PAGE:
"The thing about waking up in the mountains like this," she said, "is that you know whatever happens will be because you made it happen.

"When I wake up in the city I feel like everything is already going on -- people on their way to work, the traffic backing up, the Metro rumbling downtown.

"Whether I get up or stay in bed doesn't make any difference. Out here if I bump into somebody while I'm hiking on the trail, or if I go down the river in the canoe and see some wood ducks or if I pick some wildflowers in the woods, it's as if I've really done something."

"And why do you suppose it's so beautiful over in the valley, with the Blue Ridge on one side and the Massanutten on the other?" I asked her.

"Because the mountains humble everything around them," she said without even pausing to think.

Mack got there first, to the log cabin at the foot of Old Tom Mountain. He's retired Air Force and knows how to get things going. He had a fire of round logs blazing in the stone hearth and food and beer already stashed in the kitchen.

"How'd you get the fire going so good?"

"Old Indian trick," Mack said. "Lighter fluid."

We were five already, with three more grownups and assorted kids yet to arrive. There were 15 bunks, more than enough.

The idea of this trip was to get a bunch of people together to explore by canoe some of the wonderful little rivers that flow down the east side of the Blue Ridge. One ran right outside the cabin, the Rose River. Then there were the Thornton and the Hughes, the Covington and the Rapidan.

They are spring runs. Flooded with runoff, snowmelt and heavy seasonal rains they go crashing along their rocky mountain beds on the way to the mighty Rappahannock.

But this year they aren't crashing anywhere.

"It was dry like this once before, about five or six years ago," said the country girl who works at Graves Mountain Lodge. "We just barely made it through the summer."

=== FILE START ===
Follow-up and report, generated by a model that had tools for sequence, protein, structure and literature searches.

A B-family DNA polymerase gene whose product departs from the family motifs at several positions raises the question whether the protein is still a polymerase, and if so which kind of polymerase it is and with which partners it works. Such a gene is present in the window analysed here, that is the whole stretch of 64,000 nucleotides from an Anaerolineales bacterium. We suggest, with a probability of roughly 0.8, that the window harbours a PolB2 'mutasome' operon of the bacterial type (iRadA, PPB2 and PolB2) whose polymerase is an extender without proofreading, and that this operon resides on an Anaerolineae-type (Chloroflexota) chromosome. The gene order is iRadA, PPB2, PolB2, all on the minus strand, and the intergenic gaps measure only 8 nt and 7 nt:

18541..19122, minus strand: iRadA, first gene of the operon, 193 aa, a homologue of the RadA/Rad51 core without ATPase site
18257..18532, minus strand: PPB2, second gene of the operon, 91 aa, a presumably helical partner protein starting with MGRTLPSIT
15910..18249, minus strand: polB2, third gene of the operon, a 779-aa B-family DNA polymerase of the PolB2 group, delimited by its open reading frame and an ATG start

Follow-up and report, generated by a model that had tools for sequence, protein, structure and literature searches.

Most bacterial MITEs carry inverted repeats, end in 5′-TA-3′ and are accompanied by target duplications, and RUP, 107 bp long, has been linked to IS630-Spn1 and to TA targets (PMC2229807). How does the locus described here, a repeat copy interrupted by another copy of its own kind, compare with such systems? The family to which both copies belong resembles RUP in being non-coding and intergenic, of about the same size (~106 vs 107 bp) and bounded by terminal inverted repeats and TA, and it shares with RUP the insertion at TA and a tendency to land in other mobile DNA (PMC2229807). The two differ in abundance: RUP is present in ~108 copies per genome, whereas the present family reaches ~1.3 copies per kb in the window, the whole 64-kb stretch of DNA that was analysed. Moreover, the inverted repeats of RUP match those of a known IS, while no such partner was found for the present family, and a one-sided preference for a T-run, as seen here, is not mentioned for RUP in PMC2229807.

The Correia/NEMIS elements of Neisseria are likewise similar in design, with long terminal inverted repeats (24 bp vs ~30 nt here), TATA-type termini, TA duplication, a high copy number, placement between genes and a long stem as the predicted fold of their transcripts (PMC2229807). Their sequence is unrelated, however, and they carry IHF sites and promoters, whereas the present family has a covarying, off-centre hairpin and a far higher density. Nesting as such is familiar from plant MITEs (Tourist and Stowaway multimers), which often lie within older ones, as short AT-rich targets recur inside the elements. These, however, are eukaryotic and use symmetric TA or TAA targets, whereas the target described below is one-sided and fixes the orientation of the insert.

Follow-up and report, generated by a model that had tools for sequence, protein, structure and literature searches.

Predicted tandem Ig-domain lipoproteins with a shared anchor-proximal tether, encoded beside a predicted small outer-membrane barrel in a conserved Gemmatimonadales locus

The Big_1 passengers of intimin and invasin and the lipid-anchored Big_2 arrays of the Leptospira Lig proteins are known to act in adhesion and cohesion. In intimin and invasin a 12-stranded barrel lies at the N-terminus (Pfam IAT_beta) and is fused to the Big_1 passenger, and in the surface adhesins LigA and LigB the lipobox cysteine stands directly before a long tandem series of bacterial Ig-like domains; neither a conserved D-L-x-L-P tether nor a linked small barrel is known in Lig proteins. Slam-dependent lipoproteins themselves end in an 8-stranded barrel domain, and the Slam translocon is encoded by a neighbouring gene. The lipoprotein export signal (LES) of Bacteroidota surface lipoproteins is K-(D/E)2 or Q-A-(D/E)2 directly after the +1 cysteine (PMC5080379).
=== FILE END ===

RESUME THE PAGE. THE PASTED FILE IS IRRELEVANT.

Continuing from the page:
They could call it the Blue Ridge Tinderbox. And they could call the barren little spring canoeing streams the rock gardens.

There was nothing to do but enjoy the mountains.

"Listen" she said."Can you hear that?"

Outside the bedroom window under warm, starry skied, the little Rose River murmured as it trickled along in its bank. Is is the third-soothingest sound in the world, after see water lapping at the hull of a sailing ship and a sweet baby's sigh.

The baby sighed.

It was not hard sleeping that night in the cabin at the foot of Old Tom.

The country girl said her favorite hiking trail was along the Rose and up Old Tom. It's the back way into Dark Hollow Falls, one of the most popular Shenandoah National Park trails off the Skyline Drive.

"It's so cool there in the summertime," she said. "The hemlocks are like a canopy over the trail and you can hear the stream all along the way."

Jane hoisted Scott, all 28 pounds of him, onto her back pack and carried him all day without a whimper. Fran loaded Madeleine, who weighs 10 pounds, onto a front pack and the others carried food or nothing at all.

Johnny and Craig had carved wooden spears with their knives and they went the other way, planning to spear trout, which is impossible. Jenny and Alicia stayed home to try on clothes, which is what 12-year-old girls do.

Mack had turned his ankle on some rocks so he stayed around the cabin to drink beer and listen to the river.

"Whirrrrrrrrrrrr!"

"What was that?"

A grouse, exploding from a thicket.

On the trail there was a little pile of weightless gray matter. When an owl catches a field mouse he swallows it whole. Then his digestive system separates the meat from the fur and bones. The meat goes into the owl's system and the rest comes back out its throat in dry fur balls. A mouse died here.

A hawk shrieked somewhere beyond the high trees.

At lunch you could rest your feet in the river, so cold you could only stand it for a minute or two, so clean you could drink it.

It was hot like summer but the days are still short. Soon it was time to go.

You drive out through valleys of emerald-green fresh rye. You turn your back to the smokey, craggy, hazy blue of the Blue Ridge and set the speed on 55, racing home to the glitter and the crashing noise and the crowds.

Graves Mountin Lodge in Syria, Va., has six cabins to rent and 38 rooms in the lodge. The 15-bed cabin at the foot of Old Tom goes for $70 a night and is booked solid on weekends through the summer. Weekdays there is still room.

Graves Mountain is a place noted for its serene setting, the trout streams (Virginia season opens Saturday), the working farm on the 6,000-acre premises. But mostly it's known for the food, served country style and plenty of it.

"There's a lot of eating goes on here in the summer," said the country girl who works there. "A whole lot of eating."